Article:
Department of Correction Defendants to respond to his March 4, 20101 and June 17, 20102 discovery requests. Local Rule of Civil Procedure 37(a) provides that No motion pursuant to Rules 26 through 37, Fed. R. Civ. P. shall be filed unless counsel making the motion has conferred with opposing counsel and discussed the discovery issues between them in detail in a good faith effort to eliminate or reduce the area of controversy, and to arrive at a mutually satisfactory resolution. In the event the consultations of counsel do not fully On March 4, 2010, Plaintiff served discovery requests on Hamden Town Attorney Susan Gruen seeking information as to the names of the John and Jane Doe police officers listed as defendants in the complaint. Plaintiff claims that counsel has not responded to his requests. Attorney Kerry L. KeeneyCurtin, represents the Hamden Police Defendants, not Hamden Town Attorney Susan Gruen. At some point, Attorney Gruen forwarded the requests to Attorney KeeneyCurtin. On May 13, 2010, Attorney KeeneyCurtin served Plaintiff with the Hamden Police Defendants' responses to the March 2010 discovery requests. Additionally, Plaintiff asserts that on March 4, 2010, he served Attorney General Richard Blumenthal with a discovery request seeking the names of the unidentified correctional officers who were referenced in paragraph 89 of the Complaint, yet Blumenthal is not a party in this case, and interrogatories and requests for production of documents must be served on a party to the action. See Federal Rules of Civil Procedure 33(a)(1) and 34(a). Plaintiff asserts that Department of Corrections Defendants' objections to the June 17, 2010 discovery requests were untimely and thus inoperative. Rule 34(b)(2)(A) requires that "[t]he party to whom the request [for discovery] is directed must respond in writing 30 days after being served." The failure to respond or object to a discovery request in a timely manner waives any objection that may have been available. See, e.g,, Land Ocean Logistics, Inc. v. Agua Gulf Corp., 181 F.R.D. 229, 236 (W.D.N.Y. 1998). Counsel for the Department of Correction Defendants states that she received the document request on June 17, 2010 and that she mailed her responses and objections to plaintiff on July 19, 2010, the 32nd day after the request was served on counsel by plaintiff. Although "[a] party's failure to respond to discovery demands within the required time frame may . . . be excused by the Court for good cause," see Melendez v. Geiner, No. 01 Civ. 07888 SAS DF, 2003 WL 22434101, * 2 (S.D.N.Y. Oct. 23, 2003), Department of Corrections Defendants have provided no explanation for their delay, and their objections are waived as untimely. 7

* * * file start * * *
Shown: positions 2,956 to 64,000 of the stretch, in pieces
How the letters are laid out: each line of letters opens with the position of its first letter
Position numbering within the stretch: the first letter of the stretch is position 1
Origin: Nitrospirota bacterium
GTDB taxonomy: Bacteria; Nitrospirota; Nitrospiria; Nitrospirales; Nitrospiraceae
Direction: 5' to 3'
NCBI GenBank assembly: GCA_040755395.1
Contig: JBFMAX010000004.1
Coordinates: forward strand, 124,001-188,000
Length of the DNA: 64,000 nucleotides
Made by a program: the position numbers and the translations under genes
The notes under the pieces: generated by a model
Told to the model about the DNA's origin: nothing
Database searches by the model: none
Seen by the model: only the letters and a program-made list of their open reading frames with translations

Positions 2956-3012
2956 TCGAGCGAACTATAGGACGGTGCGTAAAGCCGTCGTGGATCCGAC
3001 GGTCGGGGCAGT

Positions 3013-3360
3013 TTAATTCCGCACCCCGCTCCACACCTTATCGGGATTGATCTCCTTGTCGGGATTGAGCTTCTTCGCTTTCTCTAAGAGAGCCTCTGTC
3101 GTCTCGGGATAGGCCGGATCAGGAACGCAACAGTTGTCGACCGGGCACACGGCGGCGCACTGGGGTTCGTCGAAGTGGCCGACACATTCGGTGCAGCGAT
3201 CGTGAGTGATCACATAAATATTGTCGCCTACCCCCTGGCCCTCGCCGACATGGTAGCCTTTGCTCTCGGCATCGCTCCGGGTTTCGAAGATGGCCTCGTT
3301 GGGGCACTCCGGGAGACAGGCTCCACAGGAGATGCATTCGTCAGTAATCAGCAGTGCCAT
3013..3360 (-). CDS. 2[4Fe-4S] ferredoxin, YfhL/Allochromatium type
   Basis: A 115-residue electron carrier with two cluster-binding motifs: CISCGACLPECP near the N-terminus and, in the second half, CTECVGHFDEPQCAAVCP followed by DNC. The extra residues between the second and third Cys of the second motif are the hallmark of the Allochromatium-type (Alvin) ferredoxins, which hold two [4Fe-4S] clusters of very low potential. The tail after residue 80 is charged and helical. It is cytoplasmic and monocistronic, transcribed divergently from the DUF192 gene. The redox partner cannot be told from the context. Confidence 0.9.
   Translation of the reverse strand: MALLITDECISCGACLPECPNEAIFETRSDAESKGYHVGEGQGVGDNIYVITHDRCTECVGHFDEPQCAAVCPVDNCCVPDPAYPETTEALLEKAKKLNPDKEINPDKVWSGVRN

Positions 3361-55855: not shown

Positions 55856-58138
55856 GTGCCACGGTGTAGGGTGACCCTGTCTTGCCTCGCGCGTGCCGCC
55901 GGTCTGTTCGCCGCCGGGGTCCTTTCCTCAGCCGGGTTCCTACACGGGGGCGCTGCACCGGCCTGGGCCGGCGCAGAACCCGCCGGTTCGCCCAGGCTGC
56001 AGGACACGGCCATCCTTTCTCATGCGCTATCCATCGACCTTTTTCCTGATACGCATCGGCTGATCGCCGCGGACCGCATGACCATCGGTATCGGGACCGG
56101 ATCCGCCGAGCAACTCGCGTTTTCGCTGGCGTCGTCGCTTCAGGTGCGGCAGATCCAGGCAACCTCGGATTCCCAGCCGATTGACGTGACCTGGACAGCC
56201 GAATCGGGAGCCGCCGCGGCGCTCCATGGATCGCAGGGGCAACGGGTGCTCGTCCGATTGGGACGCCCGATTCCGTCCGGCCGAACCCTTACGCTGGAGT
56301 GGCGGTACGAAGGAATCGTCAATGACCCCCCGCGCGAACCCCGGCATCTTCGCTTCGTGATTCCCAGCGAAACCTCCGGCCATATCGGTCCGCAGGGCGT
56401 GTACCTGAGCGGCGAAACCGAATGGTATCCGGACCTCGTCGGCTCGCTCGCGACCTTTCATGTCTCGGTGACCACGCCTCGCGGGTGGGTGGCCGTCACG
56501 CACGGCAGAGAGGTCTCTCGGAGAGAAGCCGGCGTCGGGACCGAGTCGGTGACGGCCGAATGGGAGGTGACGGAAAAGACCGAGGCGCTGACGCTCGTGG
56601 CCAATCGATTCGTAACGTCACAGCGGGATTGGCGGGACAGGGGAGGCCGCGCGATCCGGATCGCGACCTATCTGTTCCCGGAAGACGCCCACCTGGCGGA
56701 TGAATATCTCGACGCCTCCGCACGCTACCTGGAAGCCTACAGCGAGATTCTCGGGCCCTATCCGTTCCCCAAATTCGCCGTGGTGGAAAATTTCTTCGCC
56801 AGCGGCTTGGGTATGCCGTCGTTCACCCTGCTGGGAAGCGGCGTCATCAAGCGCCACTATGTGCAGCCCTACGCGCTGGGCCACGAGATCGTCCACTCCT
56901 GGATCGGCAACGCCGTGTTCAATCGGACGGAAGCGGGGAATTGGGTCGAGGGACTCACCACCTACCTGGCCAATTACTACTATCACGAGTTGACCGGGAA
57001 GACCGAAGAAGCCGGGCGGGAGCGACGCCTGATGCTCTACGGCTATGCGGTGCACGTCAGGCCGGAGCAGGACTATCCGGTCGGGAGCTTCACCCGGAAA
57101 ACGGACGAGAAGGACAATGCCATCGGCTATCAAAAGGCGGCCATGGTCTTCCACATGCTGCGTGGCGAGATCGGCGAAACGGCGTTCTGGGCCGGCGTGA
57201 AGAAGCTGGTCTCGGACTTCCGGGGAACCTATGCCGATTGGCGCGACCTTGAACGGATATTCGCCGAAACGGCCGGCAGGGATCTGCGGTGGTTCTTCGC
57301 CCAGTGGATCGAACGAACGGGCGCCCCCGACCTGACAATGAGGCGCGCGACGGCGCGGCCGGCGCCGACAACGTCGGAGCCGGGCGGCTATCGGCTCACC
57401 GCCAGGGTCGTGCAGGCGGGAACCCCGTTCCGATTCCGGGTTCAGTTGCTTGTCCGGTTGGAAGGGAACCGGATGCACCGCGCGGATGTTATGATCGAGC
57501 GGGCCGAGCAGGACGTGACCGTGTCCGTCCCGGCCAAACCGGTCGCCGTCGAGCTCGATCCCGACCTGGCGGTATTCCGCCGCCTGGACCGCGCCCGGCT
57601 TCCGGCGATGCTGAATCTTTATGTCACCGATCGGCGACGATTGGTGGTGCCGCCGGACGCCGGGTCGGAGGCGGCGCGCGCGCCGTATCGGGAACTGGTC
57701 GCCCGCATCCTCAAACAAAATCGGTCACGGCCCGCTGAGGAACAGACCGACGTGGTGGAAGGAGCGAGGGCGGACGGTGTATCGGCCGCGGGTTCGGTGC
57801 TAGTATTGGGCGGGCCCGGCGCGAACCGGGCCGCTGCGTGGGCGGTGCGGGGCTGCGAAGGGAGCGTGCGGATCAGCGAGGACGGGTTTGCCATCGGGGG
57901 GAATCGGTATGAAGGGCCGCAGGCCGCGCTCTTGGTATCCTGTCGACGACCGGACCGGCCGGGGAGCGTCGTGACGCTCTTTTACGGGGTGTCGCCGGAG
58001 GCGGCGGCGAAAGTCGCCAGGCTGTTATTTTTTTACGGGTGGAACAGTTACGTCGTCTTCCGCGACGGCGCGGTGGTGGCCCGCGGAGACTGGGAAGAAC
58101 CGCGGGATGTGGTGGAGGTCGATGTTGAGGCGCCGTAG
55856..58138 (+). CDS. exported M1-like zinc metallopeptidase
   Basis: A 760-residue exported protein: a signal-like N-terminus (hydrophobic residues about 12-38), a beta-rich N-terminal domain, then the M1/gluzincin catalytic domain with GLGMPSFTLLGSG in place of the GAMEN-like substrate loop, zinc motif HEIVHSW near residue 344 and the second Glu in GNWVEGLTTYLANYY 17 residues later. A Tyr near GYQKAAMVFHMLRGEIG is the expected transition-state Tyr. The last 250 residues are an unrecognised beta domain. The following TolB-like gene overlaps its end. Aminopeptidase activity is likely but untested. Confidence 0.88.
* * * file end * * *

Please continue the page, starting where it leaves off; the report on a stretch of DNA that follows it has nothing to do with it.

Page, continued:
resolve the discovery issues, counsel making a discovery motion shall file with the Court, as a part of the motion papers, an affidavit certifying that he or she has conferred with counsel for the opposing party in an effort in good faith to resolve by agreement the issues raised by the motion without the intervention of the Court, and has been unable to reach such an agreement. If some of the issues raised by the motion have been resolved by agreement, the affidavit shall specify the issues so resolved and the issues remaining unresolved. Plaintiff has neither provided an affidavit certifying his good faith efforts to resolve discovery disputes with Defendants, nor has he stated in his memoranda that he engaged in such efforts. Therefore, his motions to compel will be denied without prejudice until he can demonstrate that he has attempted in good faith to resolve discovery disputes with Defendants. Nonetheless, counsel for Department of Correction Defendants represents to the Court that she is aware of the names of the three correctional officers referenced in paragraph 89 of the Complaint, which Plaintiff seeks in his motion. In the interests of moving this case forward, the Court directs current counsel for the Department of Corrections Defendants to notify the Plaintiff by letter of the names of the three correctional officers within ten days of the Court lifting the stay in this action. No later than twenty days thereafter, Plaintiff shall move to substitute the names of the three correctional officers for Department of Corrections John Doe Defendants. VIII. Motions to Compel [Doc. ## 87, 91] Plaintiff also claims that on June 17, 2010, he served a request for production of documents on counsel for the New Haven Police Defendants and a separate request for production of documents on counsel for the Hamden Police Defendants. He asserts that counsel for the New Haven Police Defendants did not respond to the request until August 8